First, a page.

An earlier version of this manuscript was presented at the International Conference on Eating Disorders in Orlando, FL in June 2004.
Eating-disorder symptoms and syndromes in a sample of urban-dwelling Canadian women: Contributions toward a population health perspective†
Article first published online: 24 OCT 2008
Copyright © 2008 Wiley Periodicals, Inc.
International Journal of Eating Disorders
Volume 42, Issue 2, pages 158–165, March 2009
How to Cite
Gauvin, L., Steiger, H. and Brodeur, J.-M. (2009), Eating-disorder symptoms and syndromes in a sample of urban-dwelling Canadian women: Contributions toward a population health perspective. Int. J. Eat. Disord., 42: 158–165. doi: 10.1002/eat.20590
- Issue published online: 5 FEB 2009
- Article first published online: 24 OCT 2008
- Manuscript Accepted: 15 JUL 2008
- Canadian Institutes for Health Research. Grant Number: 200103MOP-90554
- Fonds de la recherche en santé du Québec (FRSQ)
- Léa-Roback Research Center
- Research Center development initiative by the Canadian Institutes of Health Research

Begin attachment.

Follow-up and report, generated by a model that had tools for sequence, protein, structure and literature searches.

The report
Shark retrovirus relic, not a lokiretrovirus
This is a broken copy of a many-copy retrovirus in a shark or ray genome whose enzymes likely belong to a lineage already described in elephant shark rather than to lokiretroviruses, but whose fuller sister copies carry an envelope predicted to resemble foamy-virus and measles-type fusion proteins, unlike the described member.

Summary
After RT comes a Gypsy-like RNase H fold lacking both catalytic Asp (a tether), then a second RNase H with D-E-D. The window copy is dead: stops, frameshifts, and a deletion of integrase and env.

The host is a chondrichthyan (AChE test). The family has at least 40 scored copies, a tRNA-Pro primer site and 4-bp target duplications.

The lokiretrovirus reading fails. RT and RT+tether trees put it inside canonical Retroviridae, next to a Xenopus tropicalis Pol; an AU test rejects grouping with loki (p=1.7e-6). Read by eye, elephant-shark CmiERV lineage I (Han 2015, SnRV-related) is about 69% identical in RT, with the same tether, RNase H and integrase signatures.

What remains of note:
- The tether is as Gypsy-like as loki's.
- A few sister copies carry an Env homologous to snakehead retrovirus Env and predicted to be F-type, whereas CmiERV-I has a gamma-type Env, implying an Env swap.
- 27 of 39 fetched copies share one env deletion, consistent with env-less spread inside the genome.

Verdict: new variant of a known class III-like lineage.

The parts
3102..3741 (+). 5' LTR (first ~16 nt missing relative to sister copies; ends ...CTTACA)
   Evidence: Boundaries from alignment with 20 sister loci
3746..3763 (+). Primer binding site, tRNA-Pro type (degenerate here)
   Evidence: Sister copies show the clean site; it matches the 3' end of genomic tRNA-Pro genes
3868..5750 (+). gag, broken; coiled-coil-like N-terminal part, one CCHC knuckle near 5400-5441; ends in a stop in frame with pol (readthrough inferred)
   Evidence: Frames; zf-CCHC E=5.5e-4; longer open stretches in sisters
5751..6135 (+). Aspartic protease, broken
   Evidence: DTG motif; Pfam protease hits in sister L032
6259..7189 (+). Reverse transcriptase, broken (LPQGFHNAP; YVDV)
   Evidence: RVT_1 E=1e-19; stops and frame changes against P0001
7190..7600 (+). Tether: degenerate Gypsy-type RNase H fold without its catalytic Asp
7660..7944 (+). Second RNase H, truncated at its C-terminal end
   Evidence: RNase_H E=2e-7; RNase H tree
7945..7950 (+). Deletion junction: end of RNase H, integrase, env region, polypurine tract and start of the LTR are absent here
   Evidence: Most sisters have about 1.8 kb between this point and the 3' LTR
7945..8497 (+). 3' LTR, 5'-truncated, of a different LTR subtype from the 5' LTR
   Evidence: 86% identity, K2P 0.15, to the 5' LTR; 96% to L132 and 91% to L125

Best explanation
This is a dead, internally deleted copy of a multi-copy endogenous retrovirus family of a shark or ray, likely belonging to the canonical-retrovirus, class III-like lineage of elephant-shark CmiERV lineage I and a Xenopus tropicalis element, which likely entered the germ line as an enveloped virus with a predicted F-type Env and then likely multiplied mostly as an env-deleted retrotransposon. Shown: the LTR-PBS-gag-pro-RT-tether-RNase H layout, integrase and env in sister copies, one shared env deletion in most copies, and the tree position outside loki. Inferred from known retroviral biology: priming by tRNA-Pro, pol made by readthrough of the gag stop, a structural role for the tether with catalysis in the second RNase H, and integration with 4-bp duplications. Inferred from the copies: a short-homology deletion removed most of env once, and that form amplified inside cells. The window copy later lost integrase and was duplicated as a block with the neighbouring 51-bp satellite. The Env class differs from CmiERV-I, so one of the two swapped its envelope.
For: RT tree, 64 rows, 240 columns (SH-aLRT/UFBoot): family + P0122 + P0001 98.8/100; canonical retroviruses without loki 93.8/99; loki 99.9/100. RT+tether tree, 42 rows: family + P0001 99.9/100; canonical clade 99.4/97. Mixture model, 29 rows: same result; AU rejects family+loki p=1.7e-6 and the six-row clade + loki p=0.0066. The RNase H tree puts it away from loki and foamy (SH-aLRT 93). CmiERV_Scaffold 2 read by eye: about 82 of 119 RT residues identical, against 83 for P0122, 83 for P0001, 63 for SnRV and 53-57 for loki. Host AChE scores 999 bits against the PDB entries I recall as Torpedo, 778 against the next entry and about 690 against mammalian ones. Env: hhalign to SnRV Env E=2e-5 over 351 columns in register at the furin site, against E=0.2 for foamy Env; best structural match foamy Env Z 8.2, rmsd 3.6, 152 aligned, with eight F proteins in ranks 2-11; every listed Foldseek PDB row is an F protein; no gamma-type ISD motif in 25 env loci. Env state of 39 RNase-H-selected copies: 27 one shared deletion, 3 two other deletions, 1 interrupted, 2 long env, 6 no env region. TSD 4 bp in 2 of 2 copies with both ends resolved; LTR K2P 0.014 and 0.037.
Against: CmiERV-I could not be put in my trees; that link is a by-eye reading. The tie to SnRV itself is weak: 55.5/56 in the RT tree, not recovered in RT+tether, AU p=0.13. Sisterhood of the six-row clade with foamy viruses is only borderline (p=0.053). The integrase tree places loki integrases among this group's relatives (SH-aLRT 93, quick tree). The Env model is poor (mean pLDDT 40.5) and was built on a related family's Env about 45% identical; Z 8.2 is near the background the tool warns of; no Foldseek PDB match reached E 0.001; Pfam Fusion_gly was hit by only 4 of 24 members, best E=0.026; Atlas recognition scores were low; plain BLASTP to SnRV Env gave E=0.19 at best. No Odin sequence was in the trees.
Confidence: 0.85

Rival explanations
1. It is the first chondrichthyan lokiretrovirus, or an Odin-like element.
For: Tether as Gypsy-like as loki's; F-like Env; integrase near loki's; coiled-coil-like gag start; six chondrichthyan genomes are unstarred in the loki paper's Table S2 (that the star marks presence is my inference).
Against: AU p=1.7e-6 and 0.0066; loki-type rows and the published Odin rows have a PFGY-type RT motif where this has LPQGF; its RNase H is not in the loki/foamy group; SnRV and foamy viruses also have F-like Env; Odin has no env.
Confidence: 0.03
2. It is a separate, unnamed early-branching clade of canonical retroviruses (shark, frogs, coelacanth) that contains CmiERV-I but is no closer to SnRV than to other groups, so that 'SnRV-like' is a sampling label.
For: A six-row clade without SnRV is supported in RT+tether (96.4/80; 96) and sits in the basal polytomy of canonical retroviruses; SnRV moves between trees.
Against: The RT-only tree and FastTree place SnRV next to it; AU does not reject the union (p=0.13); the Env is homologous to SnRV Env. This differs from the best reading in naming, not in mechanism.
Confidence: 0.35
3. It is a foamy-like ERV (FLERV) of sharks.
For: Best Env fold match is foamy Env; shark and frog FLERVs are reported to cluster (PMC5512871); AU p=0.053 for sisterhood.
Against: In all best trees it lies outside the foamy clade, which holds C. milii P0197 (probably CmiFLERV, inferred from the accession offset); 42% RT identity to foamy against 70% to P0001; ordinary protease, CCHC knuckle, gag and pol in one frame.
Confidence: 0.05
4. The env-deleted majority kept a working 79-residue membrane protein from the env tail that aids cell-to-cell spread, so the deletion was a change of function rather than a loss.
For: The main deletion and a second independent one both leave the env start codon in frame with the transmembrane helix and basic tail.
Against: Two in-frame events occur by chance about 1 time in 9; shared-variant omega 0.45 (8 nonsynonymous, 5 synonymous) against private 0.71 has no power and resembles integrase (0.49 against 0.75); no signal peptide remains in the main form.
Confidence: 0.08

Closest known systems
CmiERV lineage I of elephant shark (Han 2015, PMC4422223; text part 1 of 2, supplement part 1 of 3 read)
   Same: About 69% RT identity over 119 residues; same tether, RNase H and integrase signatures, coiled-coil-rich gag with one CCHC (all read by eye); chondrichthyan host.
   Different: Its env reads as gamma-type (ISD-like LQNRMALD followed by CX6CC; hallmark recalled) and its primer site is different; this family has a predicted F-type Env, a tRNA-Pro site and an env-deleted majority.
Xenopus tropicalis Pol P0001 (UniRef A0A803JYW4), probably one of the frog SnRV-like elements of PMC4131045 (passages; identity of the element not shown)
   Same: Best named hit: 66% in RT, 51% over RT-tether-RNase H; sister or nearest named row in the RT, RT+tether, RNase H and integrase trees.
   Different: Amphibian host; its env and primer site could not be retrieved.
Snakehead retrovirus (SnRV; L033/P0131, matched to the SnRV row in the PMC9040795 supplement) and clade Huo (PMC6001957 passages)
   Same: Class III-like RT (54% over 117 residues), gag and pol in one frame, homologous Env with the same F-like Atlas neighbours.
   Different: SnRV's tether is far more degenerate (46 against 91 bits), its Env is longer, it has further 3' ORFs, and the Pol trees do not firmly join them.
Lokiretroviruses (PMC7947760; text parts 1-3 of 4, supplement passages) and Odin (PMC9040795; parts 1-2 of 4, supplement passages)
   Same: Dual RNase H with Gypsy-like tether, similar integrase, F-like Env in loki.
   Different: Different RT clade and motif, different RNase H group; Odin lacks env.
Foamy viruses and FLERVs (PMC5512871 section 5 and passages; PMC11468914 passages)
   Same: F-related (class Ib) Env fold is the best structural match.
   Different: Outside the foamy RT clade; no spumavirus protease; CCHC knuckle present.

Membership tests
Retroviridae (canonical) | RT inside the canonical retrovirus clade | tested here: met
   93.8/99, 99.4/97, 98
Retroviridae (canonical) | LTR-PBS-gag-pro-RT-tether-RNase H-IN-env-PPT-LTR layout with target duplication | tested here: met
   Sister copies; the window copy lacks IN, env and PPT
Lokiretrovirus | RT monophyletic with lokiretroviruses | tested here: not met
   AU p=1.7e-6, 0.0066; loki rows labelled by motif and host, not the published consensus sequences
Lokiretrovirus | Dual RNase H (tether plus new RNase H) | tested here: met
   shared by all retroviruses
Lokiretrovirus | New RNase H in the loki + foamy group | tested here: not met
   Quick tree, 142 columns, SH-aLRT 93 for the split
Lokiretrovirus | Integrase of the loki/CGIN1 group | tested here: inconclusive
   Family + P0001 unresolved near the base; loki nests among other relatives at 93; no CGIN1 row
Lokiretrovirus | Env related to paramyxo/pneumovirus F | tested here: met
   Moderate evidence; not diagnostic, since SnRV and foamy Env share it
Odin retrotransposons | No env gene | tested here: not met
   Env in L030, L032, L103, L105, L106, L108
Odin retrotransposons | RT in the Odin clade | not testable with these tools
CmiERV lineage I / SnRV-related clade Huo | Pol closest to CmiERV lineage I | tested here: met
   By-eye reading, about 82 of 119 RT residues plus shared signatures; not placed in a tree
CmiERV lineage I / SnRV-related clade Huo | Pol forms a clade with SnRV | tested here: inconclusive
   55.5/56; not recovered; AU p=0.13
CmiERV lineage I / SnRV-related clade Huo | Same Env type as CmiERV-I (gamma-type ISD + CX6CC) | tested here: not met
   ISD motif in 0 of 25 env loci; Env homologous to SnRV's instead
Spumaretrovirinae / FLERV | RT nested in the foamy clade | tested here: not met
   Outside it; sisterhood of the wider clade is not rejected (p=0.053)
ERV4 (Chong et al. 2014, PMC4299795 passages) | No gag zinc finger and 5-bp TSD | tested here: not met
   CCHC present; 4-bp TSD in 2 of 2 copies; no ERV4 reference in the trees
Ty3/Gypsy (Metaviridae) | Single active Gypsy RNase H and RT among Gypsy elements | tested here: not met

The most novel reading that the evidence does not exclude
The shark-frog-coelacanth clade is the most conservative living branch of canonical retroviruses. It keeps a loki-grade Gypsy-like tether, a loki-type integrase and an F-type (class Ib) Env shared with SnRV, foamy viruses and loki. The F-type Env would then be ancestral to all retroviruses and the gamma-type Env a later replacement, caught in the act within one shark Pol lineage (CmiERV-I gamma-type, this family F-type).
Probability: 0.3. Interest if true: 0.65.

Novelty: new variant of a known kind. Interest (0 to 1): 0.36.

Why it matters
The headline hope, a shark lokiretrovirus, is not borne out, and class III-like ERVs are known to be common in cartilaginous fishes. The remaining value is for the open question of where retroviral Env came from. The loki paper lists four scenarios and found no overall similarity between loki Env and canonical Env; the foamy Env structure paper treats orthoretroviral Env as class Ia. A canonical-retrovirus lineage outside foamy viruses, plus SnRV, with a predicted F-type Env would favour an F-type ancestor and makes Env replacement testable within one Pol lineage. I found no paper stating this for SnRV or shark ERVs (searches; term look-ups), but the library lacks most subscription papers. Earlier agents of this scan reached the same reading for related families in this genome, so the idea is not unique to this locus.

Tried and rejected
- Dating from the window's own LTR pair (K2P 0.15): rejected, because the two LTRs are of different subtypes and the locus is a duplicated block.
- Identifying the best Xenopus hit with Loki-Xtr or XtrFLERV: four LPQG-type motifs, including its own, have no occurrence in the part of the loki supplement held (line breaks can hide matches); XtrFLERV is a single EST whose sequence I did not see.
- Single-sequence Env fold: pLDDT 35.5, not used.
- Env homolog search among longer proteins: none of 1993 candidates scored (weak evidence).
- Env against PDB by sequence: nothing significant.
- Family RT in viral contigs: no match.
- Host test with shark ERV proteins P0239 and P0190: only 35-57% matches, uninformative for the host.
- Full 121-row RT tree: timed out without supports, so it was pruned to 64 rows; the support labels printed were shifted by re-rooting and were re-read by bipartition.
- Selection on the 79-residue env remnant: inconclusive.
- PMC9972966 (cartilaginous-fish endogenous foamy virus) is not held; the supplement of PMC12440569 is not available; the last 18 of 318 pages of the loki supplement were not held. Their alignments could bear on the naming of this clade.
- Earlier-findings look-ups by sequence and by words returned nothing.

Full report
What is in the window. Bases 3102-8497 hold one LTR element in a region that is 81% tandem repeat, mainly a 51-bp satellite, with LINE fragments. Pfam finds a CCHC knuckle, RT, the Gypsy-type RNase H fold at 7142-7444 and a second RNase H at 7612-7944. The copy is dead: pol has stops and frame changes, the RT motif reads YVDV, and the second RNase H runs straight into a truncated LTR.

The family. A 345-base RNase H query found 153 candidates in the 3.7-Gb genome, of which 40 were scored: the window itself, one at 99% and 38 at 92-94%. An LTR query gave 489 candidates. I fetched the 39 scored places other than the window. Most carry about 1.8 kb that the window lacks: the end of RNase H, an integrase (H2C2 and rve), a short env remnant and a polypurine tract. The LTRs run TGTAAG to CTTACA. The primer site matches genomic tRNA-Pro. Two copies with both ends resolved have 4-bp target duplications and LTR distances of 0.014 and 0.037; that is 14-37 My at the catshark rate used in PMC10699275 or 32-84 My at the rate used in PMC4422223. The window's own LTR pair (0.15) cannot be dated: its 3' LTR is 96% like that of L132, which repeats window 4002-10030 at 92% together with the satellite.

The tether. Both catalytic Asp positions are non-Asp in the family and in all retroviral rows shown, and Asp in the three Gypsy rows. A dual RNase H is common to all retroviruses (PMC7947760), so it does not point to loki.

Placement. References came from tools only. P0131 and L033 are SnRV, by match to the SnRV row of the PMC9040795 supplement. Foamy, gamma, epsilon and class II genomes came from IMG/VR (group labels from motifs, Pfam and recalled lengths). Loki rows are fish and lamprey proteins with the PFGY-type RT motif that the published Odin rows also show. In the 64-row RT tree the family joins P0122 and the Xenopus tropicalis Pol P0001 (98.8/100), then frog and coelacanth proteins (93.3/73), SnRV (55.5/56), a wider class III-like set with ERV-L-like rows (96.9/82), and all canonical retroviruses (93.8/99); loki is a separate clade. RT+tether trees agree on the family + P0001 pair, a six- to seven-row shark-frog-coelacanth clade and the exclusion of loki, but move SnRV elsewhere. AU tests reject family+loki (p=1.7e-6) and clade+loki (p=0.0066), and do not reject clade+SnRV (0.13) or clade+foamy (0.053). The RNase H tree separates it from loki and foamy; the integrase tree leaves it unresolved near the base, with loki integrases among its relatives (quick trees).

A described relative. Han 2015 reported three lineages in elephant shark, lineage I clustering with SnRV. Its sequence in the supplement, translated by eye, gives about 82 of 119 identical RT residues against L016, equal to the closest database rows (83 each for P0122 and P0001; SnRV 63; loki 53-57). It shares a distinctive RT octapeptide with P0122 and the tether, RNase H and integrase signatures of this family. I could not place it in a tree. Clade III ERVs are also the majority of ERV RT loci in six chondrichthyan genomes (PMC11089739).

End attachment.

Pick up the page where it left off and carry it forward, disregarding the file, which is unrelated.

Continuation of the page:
- eating disorders;
- bulimia nervosa;
- binge-eating disorder;
- prevalence studies
We estimated the prevalence of eating disorders and maladaptive eating behaviors in a population-based sample and examined the association of maladaptive eating with self-rated physical and mental health.
A sample of 1,501 women (mean age = 31.2 years, SD = 6.2) were recruited using random-digit dialing to participate in a 20-min telephone interview about eating behaviors.
Weighted frequency analysis showed the prevalence of frequent binge-eating to be 4.1%, that of regular purging to be 1.1%, and that of frequent compensation to be 8.7%. Although we found none of the women to meet full criteria for anorexia nervosa, 0.6% met criteria for bulimia nervosa, 3.8% provisional criteria for binge eating disorder, and 0.6% criteria for a newly proposed entity, purging disorder. As many as 14.9% fell into a residual category representing subthreshold, but potentially problematic variants of eating disturbances. Logistic regression analyses showed that clinical-level maladaptive eating attitudes and behaviors predicted self-rated physical- and mental-health problems after sociodemographic factors were controlled.
This population-based survey provides prevalence estimates of BN, BED, and purging disorder that are compatible with those of recent epidemiological studies and shows that maladaptive eating attitudes and behaviors represent a substantial population burden. © 2008 by Wiley Periodicals, Inc. Int J Eat Disord 2009